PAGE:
Under Pennsylvania law, “Drug Delivery Resulting in Death” (DDRD) is considered a homicide, carrying a potential prison sentence of 40 years — and higher if the victim is under 13. While the statute was aimed at drug dealers, anyone who provides another person with drugs — whether or not for profit — can be charged if use of the drug caused that person’s death. Pennsylvania prosecutors are using the DDRD charge more and more as part of their arsenal in targeting drug suppliers. The counties with the most drug delivery resulting in DDRD prosecutions are York, Lancaster, Dauphin, Franklin, and Cumberland.
Originally, prosecutors had to prove that the drug supplier intended to kill the recipient, but the law was amended in 2011 to remove intent as an element of the crime. The amendment came in response to the national opioid epidemic, which continues to proliferate. Deaths from drug overdose have been on a steady rise in the U.S., almost doubling from 36,010 in 2007 to 70,237 in 2017, according to the National Institutes of Health. Two-thirds of the deaths in 2017 were attributable to heroin and other opioids.
Law enforcement officers are now creating crime scenes and using other investigatory techniques to identify where and how victims acquired their drugs. Where heroin dealers are involved, police may find packets or other containers marked with the dealer’s brand. Among other methods being used to track down suppliers are phone records and social media data.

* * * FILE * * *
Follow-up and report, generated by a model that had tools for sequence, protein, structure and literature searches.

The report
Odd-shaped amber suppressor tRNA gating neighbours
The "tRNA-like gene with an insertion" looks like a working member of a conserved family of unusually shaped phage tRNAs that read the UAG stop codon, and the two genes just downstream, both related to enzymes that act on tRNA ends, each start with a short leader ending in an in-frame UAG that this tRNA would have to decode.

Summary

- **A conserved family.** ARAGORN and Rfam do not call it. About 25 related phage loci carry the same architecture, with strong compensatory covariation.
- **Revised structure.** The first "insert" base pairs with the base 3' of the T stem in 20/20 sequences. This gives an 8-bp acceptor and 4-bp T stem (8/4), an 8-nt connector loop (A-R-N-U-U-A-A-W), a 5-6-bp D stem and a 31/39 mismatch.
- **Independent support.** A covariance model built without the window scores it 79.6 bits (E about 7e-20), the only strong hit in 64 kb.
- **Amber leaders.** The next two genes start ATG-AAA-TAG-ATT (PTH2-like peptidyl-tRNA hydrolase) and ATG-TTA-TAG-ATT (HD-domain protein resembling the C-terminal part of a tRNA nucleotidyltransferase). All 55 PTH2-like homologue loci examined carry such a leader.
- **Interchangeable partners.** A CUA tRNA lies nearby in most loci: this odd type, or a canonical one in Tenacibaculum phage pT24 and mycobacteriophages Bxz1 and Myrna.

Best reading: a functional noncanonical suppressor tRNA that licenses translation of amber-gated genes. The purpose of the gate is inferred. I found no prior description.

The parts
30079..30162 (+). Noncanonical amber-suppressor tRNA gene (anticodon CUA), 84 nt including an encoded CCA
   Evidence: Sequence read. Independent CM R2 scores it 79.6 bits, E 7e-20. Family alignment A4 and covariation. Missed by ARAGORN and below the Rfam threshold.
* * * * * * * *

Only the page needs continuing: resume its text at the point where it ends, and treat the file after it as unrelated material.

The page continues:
Despite no longer having to prove intent to kill, police and prosecutors still face significant problems in proving DRDD cases. Heroin users may have received their drugs from several sources. Even if the drug’s supplier can be identified, the user may have died after ingesting a cocktail of drugs, making it difficult to pinpoint the one that caused death. These are important potential grounds for defending against a DDRD charge.
Some policy groups, like the Drug Policy Alliance, disagree with targeting drug suppliers for prosecution, arguing that it may actually discourage a person from seeking help for someone who overdoses in their presence. Another argument is that calling for help should at least be a mitigating factor.
If you’ve been accused of drug delivery resulting in death under Pennsylvania law, you may have defenses available to you. To learn more about how a qualified criminal defense attorney can assist you in dealing with these charges, call Matthew R. Zatko, Attorney at Law at 814-443-1631 or contact me online to arrange a free consultation at my Somerset office.